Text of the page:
Monday, April 07, 2014

Affirmative Action Debate

Are white women the biggest beneficiaries of affirmative action? The following excerpt is from Affirmative Action Debate by the Yale-New Haven Teachers Institute, a curriculum designed for students in grades 4-8. (96.01.12):

Let�s Look Affirmative Action Over

"Has affirmative action actually changed things to the point that minority group members and women enjoy an advantage over white males? Examination of income figures does not support this. Among young adults, white males continue to enjoy higher incomes than black and Hispanic males and women of any race. Black and Hispanic unemployment rates remain well above those of whites. Moreover, whites continue to graduate from college and enter medical, law, and graduate schools at double or more the rate of blacks and Hispanics.

"Women also remain under represented in law and medical schools, although their presence there has increased significantly. All these things suggest strongly that the effects of past and institutional discrimination outweigh any advantage affirmative action may bring to minorities or women. Even when we consider only those who complete college, minorities and women still do not appear to enjoy any overall advantage due to affirmative action. In 1980, young black male college graduates had greatly narrowed the income gap with white males, but they still learn 4% less. Among young college-educated women, blacks had a narrow lead over whites, but neither had anywhere near the income of white males.

"Even so, it does appear that affirmative action has helped certain segments of the minority and female populations a good deal. A definite narrowing of the income gap between blacks and whites has occurred among people who do have jobs, particularly those with relatively high education levels. Law and medical schools are enrolling significantly more blacks, Hispanics, and women than they did before affirmative action even though most of their students are still white males. Firms with government contracts, which are covered by federal affirmative action requirements, have nearly twice the percentage of minority employees as firms without government contracts.

"Still, it is only the more educated segments of the minority and female populations that have truly benefitted from affirmative action. So far, affirmative action has done little for the chronically impoverished underclass, many of whom are lucky to get a high-school diploma. Affirmative action has probably contributed to a trend that was already under way in the black and Hispanic populations: The middle class is rising in status, while the situation of the poor is worsening. This has produced increased social-class differences within the black and Hispanic populations. To achieve racial equality we must implement policies to improve the situation of the chronically poor, which affirmative action does not do.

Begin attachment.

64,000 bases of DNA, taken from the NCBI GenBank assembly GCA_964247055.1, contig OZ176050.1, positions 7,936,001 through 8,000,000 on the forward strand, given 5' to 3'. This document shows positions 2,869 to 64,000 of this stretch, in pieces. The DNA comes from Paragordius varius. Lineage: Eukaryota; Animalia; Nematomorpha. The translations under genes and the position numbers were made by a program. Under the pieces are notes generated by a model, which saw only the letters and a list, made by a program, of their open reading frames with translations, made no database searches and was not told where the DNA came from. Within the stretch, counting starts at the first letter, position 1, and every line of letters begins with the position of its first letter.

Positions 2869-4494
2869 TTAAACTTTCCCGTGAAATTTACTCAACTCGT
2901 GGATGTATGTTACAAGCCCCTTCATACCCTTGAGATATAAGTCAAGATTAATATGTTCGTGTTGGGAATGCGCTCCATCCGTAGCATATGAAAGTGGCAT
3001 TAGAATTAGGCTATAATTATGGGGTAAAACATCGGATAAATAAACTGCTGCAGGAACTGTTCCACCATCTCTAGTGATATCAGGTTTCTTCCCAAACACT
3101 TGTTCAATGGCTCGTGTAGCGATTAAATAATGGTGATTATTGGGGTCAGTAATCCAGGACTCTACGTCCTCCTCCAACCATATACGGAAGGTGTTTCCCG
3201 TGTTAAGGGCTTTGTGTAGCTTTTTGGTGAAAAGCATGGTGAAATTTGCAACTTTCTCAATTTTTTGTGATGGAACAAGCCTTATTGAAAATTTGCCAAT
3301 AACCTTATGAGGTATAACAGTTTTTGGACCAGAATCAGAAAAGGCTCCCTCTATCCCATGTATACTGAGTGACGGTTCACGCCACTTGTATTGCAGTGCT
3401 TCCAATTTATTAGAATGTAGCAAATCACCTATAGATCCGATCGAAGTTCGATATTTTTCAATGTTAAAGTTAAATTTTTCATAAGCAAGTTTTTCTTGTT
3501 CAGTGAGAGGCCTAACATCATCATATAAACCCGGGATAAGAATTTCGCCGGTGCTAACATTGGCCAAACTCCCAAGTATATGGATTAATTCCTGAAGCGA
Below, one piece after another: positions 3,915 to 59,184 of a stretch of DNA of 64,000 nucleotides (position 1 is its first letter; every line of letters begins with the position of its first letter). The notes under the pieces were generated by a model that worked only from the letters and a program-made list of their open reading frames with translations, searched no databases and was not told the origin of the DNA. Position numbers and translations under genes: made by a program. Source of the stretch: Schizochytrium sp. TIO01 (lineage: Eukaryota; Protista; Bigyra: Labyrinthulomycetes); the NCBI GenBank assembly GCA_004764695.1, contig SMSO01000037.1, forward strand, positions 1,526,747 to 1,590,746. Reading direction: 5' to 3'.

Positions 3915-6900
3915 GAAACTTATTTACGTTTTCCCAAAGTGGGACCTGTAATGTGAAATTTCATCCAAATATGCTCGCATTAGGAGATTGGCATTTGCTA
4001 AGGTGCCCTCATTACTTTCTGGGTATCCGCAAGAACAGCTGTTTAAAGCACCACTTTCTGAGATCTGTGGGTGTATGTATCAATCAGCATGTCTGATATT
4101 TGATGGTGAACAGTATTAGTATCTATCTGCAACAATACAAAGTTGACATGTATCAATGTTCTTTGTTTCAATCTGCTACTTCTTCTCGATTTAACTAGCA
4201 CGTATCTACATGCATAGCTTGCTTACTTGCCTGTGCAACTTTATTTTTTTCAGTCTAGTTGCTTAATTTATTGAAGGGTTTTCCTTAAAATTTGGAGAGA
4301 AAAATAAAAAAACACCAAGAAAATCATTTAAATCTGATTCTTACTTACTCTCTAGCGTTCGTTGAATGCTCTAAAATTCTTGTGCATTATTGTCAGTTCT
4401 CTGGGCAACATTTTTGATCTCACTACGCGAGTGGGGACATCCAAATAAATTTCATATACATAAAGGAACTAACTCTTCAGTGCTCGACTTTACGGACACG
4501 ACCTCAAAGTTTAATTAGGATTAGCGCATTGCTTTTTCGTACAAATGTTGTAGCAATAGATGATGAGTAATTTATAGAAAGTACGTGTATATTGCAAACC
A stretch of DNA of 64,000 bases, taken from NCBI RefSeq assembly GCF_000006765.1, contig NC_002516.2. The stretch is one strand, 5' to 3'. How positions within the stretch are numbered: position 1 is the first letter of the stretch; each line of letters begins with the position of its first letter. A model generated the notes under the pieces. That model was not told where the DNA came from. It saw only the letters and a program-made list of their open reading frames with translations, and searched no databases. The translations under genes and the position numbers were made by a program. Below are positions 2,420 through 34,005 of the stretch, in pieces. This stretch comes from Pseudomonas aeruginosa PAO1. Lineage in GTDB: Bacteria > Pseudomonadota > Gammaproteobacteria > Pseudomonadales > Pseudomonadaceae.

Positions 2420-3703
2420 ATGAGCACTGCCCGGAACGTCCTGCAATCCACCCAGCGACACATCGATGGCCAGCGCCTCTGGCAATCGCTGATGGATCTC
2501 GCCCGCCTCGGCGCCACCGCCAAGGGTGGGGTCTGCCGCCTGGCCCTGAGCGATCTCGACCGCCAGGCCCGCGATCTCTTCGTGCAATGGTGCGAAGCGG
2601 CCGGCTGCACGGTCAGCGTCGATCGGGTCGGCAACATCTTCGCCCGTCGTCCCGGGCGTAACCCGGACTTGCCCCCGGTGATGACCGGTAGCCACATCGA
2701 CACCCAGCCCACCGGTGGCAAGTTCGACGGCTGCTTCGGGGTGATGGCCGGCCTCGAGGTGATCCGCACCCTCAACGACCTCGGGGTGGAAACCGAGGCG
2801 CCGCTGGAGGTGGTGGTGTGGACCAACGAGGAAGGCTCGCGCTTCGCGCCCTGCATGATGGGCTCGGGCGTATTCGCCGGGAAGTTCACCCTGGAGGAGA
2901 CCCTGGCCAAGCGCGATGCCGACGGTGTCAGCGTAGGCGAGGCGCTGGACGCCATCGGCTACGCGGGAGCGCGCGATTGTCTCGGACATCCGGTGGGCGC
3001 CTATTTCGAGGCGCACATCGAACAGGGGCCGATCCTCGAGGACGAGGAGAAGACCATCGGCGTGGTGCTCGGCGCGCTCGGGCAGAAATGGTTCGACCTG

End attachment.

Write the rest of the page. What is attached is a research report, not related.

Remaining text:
"However, today all states and most cities have affirmative action plans. Numerical goals are a common component of these EEO/AA (Equal Employment Opportunity/Affirmative Action) plans. Virtually all plans designate blacks, Hispanics, and women as beneficiaries; many add handicapped persons, homosexuals, older workers, ex-offenders, and rehabilitated alcoholics and drug abusers.

"The U.S. Justice Department, under Attorney General Edwin Meese, has been largely unsuccessful in its efforts to eliminate racial and sexual preferences in affirmative action. After the Stotts decision in 1984, the Justice Department urged federal courts to give a sweeping interpretation to that decision and declare any employment decision based on race or sex to be illegal. But federal courts have so far rejected this broad approach and have continued to uphold affirmative action plans with numerical goals and racial and sexual preferences.

"November 1994, angry white men staged a protest at the polls, voting in a Congress that has attacked affirmative action, school lunches, Medicare and other government initiatives.

"Affirmative action studies indicate that white women are, at best, ambivalent. While women have made great strides in the labor force in the 30 years since the mandate has existed, a large number of white women arguably is the greatest beneficiaries of affirmative action. They believe such programs have outlived their usefulness.

"A large segment of the population is under the impression that minorities, especially African-Americans, are the chief beneficiaries of affirmative action. Attacks on such programs by politicians and disgruntled job-seekers, scholarship applicants and small business owners are often described as justified rage at minorities. To a large extent, observers say, women have been silent on the issue.

"A recent poll in California found that while a large majority of women of color are opposed to the anti affirmative proposal called the California Civil Rights Initiative, however, a sizable majority of white women, 66%, favor it. Many younger women, expressed no connection to battles for equality that were waged in earlier years, while another large number of women had philosophical doubts about giving preferential treatment to anyone, according to an article in the San Francisco Chronicle.

"Women's groups and civil rights advocates say there is a lot of confusion about affirmative action, and that, in part, is the reason why opposition seems so high in the poll results." Read the article: Affirmative Action Debate by Carolyn Kinder, Yale-New Haven Teachers Institute